The International Air Transport Association (IATA) has released its data for global air freight markets, which suggests a slight improvement in cargo demand, albeit at a slower pace than was expected.
In each case, global demand for cargo largely improved in June when compared with May, however overall figures are well below that of June 2019. The figures are also below expectations previously made for June.
This comes as the IATA recently announced it has downgraded its expectations for a return to pre-COVID demand levels, extending this to 2024, a year longer than previously advised.
This is a direct result of the ongoing global COVID-19 pandemic, which has cut global travel demand and flight capacity by close to 100 per cent.
The facts and figures
According to IATA data, global demand for freight, measured in cargo tonne-kilometres (CTKs), fell 17.6 per cent year-on-year in June, although still recorded a slightly stronger result than that of May, which saw a year-on-year decline of 20.1 per cent.
Meanwhile, global capacity, measured in available cargo tonne-kilometres (ACTKs), shrank by 34.1 per cent in June compared with the previous year. This was similar to the 34.8 per cent year-on-year drop recorded in May.
Belly capacity for international air cargo shrank by 70 per cent year-on-year in June, due to the withdrawal of passenger services amid COVID-19. This was partially offset by a 32 per cent increase in capacity through expanded use of freighter aircraft, according to the report.
Alexandre de Juniac, IATA’s director general and CEO, said, “Cargo is, by far, healthier than the passenger markets, but doing business remains exceptionally challenging. While economic activity is re-starting after major lockdown disruptions there has not been a major boost in demand.
“The rush to get personal protective equipment (PPE) to market has subsided as supply chains regularised, enabling shippers to use cheaper sea and rail options. And the capacity crunch continues because passenger operations are recovering very slowly.”
International market breakdown
According to the IATA data, all regions recorded yearly declines in June. This is not unexpected considering the outbreak of COVID-19.
However, airlines in Europe and Latin America suffered the sharpest drops in year-on-year growth in total air freight volumes, while airlines in Asia-Pacific and the Middle East experienced slightly less dramatic declines.
Overall, airlines in North America and Africa saw more moderate drops compared with the other regions.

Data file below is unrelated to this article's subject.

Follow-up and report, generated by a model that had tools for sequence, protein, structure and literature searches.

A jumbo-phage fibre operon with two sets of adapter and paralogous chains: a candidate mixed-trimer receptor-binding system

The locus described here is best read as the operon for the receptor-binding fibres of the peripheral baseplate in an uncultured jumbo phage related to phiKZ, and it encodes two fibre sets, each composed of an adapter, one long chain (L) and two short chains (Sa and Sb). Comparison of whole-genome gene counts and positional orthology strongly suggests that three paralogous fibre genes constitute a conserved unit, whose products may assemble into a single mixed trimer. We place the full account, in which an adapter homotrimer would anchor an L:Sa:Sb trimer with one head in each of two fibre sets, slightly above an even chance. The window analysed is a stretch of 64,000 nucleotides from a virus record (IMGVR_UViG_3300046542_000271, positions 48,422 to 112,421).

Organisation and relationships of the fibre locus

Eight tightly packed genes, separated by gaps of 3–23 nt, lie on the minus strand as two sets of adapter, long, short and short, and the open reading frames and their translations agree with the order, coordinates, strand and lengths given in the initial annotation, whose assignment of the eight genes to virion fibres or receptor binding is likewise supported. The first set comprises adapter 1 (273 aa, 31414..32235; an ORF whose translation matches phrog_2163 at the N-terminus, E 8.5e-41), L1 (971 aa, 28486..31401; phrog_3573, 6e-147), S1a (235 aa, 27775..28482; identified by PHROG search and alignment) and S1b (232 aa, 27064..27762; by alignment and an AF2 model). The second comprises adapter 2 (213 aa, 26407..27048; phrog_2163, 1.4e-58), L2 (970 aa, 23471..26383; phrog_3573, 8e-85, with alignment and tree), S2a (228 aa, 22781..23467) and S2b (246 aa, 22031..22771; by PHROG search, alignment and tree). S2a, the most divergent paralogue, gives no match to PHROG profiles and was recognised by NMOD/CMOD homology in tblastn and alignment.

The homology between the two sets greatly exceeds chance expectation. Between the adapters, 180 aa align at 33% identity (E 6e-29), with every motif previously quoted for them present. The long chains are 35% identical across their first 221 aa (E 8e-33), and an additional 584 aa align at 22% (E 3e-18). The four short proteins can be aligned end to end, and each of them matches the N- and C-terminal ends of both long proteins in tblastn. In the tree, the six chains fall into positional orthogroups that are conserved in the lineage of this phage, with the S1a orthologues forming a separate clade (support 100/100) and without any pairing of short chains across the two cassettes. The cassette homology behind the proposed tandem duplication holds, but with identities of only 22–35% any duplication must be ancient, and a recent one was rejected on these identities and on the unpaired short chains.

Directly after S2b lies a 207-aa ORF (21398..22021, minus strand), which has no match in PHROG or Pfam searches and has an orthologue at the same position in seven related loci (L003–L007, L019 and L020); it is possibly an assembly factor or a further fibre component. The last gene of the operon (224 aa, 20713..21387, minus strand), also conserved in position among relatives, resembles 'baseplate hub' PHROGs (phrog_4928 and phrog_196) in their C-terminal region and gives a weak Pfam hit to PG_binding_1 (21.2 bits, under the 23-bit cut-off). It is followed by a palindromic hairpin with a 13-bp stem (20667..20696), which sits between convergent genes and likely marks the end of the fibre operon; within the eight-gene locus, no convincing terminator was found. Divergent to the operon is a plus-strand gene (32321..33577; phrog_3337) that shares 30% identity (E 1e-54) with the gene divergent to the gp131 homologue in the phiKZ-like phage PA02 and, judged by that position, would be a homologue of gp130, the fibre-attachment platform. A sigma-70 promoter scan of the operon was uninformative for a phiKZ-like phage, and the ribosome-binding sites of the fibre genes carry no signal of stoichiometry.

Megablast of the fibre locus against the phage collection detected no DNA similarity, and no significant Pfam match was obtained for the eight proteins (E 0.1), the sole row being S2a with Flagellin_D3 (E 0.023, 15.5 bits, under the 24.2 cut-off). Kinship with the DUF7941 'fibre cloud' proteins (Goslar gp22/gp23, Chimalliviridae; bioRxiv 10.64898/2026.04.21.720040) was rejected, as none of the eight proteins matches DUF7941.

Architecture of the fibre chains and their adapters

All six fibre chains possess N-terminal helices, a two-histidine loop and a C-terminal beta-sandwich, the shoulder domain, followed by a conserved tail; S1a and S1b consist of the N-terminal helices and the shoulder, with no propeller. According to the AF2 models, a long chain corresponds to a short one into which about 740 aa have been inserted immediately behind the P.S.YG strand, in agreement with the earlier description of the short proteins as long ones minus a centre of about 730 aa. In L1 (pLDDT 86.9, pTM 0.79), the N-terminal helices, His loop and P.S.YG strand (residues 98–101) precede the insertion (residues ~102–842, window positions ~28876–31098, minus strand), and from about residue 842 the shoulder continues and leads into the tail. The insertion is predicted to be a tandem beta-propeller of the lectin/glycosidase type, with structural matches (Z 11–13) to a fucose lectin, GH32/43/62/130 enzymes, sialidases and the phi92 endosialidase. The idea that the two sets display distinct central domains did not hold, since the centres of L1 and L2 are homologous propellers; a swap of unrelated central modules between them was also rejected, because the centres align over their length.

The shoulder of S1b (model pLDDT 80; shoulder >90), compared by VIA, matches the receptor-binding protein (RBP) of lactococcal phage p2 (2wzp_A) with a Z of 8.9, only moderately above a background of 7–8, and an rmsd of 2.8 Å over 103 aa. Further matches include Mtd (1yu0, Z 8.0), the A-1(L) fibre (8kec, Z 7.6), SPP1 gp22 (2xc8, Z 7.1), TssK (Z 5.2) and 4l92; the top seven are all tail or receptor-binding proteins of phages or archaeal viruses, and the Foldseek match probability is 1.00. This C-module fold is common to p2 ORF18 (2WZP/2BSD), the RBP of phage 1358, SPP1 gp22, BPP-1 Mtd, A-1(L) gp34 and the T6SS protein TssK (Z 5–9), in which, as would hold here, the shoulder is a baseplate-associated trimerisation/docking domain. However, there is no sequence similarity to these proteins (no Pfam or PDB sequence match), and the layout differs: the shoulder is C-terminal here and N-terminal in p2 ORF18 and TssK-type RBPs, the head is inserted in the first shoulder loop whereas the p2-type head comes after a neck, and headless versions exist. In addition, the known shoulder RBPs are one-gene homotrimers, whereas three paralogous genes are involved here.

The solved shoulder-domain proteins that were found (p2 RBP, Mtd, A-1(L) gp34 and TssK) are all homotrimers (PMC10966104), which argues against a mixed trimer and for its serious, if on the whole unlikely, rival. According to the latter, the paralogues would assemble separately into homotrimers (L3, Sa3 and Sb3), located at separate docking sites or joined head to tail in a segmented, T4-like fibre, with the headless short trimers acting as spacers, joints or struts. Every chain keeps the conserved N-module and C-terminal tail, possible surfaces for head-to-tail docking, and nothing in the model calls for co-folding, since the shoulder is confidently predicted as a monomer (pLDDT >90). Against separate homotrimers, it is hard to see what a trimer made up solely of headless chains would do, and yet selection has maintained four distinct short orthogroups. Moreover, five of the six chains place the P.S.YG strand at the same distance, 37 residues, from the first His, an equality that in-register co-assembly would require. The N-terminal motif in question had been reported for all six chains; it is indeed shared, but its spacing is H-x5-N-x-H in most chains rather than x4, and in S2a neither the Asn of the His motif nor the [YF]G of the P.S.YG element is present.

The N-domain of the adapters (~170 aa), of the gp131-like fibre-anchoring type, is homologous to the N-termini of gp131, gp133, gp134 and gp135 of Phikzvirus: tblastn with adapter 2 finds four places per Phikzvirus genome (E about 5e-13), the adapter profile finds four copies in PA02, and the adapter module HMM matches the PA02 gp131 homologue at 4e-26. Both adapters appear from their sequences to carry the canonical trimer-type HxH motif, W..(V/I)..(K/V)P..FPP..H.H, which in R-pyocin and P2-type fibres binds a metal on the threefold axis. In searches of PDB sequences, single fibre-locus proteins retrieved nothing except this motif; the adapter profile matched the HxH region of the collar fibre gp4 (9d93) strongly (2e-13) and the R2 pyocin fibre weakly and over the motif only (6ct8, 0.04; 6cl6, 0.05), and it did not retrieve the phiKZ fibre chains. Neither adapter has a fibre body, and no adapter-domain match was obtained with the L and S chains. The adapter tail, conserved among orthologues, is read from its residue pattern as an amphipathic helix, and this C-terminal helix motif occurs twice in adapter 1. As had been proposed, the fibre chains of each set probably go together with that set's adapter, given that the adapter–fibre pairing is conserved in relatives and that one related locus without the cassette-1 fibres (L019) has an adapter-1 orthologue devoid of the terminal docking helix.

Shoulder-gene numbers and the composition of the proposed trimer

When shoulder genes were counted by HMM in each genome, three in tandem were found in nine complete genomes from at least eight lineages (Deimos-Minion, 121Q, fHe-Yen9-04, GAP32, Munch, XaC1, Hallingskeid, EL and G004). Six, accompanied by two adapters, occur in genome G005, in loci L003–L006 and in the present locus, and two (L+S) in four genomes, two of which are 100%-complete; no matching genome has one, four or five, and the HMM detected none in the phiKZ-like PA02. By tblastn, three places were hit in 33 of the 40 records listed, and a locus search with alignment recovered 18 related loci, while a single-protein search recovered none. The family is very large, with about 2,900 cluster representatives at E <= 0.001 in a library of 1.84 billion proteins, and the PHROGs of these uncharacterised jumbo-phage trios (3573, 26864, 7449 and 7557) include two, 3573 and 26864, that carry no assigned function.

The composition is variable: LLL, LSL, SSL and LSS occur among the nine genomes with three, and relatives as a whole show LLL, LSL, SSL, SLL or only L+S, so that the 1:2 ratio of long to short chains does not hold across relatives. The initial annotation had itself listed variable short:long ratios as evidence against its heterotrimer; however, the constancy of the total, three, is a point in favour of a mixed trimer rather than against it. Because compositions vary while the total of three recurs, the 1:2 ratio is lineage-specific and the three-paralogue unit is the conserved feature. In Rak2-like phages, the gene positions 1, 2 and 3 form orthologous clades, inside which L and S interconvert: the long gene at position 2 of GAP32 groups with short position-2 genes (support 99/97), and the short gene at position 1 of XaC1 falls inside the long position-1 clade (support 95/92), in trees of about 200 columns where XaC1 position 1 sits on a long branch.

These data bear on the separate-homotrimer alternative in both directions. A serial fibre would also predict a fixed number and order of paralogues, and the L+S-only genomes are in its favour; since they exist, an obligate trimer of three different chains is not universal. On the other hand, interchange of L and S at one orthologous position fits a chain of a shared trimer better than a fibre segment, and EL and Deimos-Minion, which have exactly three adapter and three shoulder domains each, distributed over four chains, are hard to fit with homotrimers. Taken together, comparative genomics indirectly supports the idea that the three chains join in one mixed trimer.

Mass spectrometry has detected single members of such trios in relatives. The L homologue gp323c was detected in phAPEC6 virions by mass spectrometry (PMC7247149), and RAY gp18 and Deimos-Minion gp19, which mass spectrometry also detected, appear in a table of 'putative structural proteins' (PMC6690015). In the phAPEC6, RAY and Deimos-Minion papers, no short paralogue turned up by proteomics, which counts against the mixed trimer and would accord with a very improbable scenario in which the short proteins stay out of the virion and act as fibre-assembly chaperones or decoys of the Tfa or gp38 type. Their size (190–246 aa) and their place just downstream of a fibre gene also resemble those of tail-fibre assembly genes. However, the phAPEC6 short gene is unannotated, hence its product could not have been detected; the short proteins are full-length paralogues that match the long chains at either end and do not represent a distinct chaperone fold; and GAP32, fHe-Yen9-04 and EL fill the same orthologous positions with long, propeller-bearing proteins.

Airlines in the Asia-Pacific region saw demand for international air cargo fall by 20 per cent in June 2020 compared with the same period a year earlier. This was a slight deterioration over the 18.8 per cent drop in May. Despite manufacturing starting to pick up in the region, demand was impacted by the reduction in shipments of PPE by air. International capacity decreased 32.3 per cent.
North American carriers reported a single digit fall in international cargo demand of 8.8 per cent year-on-year in June. This was the smallest contraction of all regions. The resilient performance is reportedly due to the large freighter fleets of a few of the region’s airlines as well as the fiscal support to airlines in the US from the CARES Act. International capacity decreased 30.7 per cent.
European carriers reported a 27.6 per cent annual drop in international cargo volumes in June. This was a slight improvement from May’s performance of -29.5 per cent but still the second weakest performance of all regions. International capacity decreased 40.7 per cent.
Middle Eastern carriers reported a decline of 19.1 per cent year-on-year in June, an improvement from the 24.9 per cent fall in May. International capacity decreased 25.8 per cent, the best of all regions. This was driven by the aggressive operational strategies of some of the region’s carriers.
Latin American carriers posted a 29.4 per cent drop in year-on-year international demand in June. This was the weakest performance of all regions. International capacity decreased 43.6 per cent, indicating a sizeable capacity crunch. The COVID-19 crisis is particularly challenging at present for airlines based in Latin America owing to strict lockdown measures.
African airlines posted a contraction of 13.8 per cent in June when compared with the previous year. This was a weaker performance than the 7.3 per cent annual fall in demand recorded in May. The small Africa-Asia market continued to grow in June, up 20.1 per cent. However, the region suffered from the effects of the pandemic becoming more severe in June. International capacity in this region decreased 46.2 per cent.